Are you a start-up, small business or established company developing medical technologies to improve patient outcomes and reduce costs to the NHS? You may have identified a real day-to-day problem, and developed a great product to address it, but without clinical evidence obtained within our health system, it’s impossible to demonstrate the value of your proposition. And without evidence, NHS buyers and NICE have nothing to evaluate, so progress is stalled. Sound familiar?
In response to this need, Wessex Academic Health Science Network (AHSN) and Wessex Clinical Research Network (CRN) have joined forces to create a new Technology Support Programme (TSP) which will help commercial innovators gather NHS evidence on their products, and help get effective innovations to patients faster.
The TSP is a package of strategic and clinical support for companies wanting to gather evidence on the clinical and economic efficacy of their product within the NHS and medical technology companies are now invited to apply for places on the programme.
A targeted theme will be chosen for each of the TSP rounds.
The TSP is in four parts:
The TSP (Round 1) Theme is: Innovative Rapid Diagnostic Testing and Point-of-Care Testing for Infectious Diseases
Diagnostic testing for infectious diseases has traditionally used tests of moderate or high complexity delivered in centralised microbiology laboratories by highly trained staff. This approach is associated with turnaround times of several days for generating results to clinicians, and means that clinical decisions, including antimicrobial use, have to be made presumptively. This leads to the over use of antibiotics which subsequently drives the development of antimicrobial resistance.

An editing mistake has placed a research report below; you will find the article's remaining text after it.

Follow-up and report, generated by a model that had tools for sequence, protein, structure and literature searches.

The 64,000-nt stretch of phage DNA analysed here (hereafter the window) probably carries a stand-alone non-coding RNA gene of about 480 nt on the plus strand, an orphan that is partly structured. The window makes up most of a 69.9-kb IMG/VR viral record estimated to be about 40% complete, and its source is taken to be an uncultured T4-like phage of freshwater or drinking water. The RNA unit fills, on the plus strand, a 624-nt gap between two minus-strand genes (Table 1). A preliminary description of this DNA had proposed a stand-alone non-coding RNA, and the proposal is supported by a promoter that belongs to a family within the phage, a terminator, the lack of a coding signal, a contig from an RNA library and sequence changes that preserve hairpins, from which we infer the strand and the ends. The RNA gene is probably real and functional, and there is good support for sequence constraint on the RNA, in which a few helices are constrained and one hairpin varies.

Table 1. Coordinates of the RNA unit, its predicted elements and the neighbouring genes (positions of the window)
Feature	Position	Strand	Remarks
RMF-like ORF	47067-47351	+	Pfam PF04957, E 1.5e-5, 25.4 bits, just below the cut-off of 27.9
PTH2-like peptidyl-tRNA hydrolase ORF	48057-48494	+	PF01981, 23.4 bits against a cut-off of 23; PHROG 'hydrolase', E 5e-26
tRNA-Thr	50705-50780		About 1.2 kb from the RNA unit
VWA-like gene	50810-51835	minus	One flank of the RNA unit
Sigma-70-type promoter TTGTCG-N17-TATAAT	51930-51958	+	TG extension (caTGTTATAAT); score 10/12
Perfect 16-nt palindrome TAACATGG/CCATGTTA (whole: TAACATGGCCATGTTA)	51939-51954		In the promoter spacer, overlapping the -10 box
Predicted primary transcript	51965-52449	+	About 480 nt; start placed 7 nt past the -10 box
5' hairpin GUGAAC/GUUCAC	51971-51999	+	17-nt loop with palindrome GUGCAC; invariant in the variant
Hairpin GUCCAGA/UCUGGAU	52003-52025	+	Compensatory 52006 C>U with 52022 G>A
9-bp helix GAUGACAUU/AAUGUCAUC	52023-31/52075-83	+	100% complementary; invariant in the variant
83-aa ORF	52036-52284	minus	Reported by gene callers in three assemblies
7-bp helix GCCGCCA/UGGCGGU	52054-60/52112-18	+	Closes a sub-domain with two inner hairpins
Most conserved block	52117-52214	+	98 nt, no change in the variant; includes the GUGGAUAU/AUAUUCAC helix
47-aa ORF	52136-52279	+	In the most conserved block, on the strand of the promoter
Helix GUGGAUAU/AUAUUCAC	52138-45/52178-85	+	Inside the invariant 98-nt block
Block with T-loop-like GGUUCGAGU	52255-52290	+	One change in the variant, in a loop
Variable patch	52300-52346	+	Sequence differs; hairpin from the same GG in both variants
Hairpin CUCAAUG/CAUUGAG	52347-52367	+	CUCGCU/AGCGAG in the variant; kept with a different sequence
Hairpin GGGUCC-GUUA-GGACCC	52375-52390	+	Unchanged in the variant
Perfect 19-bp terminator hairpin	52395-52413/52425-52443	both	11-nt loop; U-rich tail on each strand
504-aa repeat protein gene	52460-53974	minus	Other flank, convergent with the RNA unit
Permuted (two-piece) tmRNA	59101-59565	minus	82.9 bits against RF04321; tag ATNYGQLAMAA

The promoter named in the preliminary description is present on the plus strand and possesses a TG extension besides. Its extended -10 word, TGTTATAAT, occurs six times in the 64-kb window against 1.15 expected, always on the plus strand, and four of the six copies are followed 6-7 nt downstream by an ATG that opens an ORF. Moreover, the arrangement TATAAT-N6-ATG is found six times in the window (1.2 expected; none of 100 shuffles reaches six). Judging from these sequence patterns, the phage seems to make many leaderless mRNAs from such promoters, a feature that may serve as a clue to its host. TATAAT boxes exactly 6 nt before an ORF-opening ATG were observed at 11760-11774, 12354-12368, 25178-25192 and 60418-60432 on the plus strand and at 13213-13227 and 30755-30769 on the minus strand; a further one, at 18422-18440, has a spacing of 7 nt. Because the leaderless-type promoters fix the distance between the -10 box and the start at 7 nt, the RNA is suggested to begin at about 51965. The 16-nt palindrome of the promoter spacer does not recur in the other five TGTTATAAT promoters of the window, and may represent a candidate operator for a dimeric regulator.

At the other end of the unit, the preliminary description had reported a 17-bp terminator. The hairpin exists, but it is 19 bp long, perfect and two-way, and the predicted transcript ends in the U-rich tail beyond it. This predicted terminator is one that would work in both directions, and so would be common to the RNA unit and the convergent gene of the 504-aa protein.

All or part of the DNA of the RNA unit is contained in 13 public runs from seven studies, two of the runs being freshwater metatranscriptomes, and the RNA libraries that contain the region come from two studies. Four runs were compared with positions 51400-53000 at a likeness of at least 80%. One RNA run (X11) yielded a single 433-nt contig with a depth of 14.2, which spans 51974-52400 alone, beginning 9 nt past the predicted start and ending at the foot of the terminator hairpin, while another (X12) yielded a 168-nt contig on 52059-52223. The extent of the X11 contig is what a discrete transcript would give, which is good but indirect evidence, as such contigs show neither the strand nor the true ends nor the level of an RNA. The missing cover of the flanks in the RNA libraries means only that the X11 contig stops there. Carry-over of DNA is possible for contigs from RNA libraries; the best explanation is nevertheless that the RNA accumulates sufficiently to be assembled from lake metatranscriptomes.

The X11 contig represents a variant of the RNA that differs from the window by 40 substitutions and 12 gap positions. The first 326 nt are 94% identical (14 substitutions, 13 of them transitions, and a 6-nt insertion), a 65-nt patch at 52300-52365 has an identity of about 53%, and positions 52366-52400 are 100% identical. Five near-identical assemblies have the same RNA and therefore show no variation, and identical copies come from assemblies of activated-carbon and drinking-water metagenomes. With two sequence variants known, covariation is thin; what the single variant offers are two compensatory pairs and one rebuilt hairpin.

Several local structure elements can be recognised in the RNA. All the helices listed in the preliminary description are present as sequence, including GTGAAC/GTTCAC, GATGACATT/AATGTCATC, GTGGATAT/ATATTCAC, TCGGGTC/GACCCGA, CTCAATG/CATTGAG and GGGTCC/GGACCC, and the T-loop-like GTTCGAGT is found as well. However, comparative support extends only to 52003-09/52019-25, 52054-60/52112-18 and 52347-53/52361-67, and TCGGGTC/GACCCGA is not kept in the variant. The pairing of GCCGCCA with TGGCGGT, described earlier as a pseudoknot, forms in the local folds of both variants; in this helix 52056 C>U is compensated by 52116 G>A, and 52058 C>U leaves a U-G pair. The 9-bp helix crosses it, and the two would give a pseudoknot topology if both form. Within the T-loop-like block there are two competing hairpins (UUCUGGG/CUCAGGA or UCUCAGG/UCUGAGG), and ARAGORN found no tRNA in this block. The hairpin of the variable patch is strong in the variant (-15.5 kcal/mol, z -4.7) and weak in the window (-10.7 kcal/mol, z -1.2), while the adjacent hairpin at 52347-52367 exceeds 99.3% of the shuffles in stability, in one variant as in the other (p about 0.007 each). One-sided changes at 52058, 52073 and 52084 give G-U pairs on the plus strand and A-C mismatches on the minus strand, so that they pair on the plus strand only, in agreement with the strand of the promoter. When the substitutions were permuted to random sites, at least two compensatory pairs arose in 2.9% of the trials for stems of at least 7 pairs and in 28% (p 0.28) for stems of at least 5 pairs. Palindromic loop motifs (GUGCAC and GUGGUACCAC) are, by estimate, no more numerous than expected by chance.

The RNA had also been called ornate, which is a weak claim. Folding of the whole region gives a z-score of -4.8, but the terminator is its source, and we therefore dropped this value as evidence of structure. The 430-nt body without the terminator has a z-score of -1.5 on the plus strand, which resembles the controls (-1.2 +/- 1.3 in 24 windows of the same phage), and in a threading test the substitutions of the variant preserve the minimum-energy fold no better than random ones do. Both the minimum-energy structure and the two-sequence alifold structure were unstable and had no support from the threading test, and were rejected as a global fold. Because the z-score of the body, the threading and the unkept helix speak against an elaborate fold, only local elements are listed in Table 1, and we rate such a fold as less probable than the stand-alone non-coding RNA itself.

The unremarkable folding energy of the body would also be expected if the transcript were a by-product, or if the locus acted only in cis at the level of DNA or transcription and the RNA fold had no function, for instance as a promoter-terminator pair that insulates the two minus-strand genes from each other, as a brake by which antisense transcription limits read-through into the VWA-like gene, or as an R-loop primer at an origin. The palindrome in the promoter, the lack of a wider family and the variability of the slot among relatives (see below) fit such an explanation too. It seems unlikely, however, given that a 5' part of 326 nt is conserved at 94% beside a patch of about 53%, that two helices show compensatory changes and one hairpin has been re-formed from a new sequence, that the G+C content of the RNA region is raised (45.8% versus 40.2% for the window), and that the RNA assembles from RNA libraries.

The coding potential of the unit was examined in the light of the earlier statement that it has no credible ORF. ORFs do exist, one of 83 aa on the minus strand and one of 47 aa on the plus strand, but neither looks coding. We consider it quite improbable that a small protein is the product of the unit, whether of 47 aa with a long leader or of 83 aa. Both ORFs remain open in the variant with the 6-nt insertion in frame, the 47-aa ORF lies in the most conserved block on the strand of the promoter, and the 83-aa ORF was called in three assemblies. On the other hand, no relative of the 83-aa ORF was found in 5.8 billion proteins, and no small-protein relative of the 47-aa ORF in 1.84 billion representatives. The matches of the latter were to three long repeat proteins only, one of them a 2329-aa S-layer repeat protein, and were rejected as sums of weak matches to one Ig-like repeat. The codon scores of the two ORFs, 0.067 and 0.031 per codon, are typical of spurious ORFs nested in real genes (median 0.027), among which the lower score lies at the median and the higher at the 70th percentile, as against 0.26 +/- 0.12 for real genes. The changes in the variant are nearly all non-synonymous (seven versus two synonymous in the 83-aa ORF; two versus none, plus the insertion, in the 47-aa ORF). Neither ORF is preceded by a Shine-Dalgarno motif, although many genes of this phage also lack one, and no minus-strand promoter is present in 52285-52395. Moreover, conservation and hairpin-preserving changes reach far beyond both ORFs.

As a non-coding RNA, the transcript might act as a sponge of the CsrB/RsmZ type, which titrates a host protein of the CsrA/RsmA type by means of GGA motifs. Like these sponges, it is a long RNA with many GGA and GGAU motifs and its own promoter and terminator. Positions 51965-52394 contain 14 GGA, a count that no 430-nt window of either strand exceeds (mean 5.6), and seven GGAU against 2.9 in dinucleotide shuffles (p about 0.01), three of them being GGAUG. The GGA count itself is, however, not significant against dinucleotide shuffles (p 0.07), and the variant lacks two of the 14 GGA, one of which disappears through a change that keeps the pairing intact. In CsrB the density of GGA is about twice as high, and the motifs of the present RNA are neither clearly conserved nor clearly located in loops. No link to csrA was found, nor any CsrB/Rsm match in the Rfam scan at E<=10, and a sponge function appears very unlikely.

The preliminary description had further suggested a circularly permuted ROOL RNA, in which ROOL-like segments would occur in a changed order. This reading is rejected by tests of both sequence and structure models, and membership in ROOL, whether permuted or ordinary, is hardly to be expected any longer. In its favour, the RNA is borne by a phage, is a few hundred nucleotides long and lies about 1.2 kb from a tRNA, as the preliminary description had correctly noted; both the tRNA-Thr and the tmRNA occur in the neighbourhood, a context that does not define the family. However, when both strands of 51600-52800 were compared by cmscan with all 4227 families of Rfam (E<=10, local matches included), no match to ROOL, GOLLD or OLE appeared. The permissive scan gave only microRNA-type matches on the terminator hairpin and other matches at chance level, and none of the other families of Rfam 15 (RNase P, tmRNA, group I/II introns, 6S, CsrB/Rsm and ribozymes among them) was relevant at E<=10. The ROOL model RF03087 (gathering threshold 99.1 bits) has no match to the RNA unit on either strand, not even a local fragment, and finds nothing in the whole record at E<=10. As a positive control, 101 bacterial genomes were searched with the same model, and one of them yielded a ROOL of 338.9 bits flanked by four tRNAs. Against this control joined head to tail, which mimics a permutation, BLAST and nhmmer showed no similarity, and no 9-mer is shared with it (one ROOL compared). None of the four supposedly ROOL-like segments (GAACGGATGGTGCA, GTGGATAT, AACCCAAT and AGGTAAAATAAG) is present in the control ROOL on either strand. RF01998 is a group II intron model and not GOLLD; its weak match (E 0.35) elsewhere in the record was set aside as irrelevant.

Rapid diagnostic tests and Point-of-Care tests for infection allow testing to take place outside of the laboratory, at or near the patient, and enable real-time clinical decision making. Potential benefits of this approach include improved use of antimicrobial agents and improved clinical outcomes. In addition to detecting pathogen themselves, the rapid detection of serum biomarkers or host gene signatures that can accurately differentiate bacterial from non-bacterial infection may also allow reduction in unnecessary antibiotic prescribing in primary and secondary care. These types of innovative technology are therefore of great interest to the NHS.
TSP (Round 1) is seeking companies that are working in this area and have an innovation, not currently in use in the NHS, which they want to evaluate in an NHS setting.
How to apply: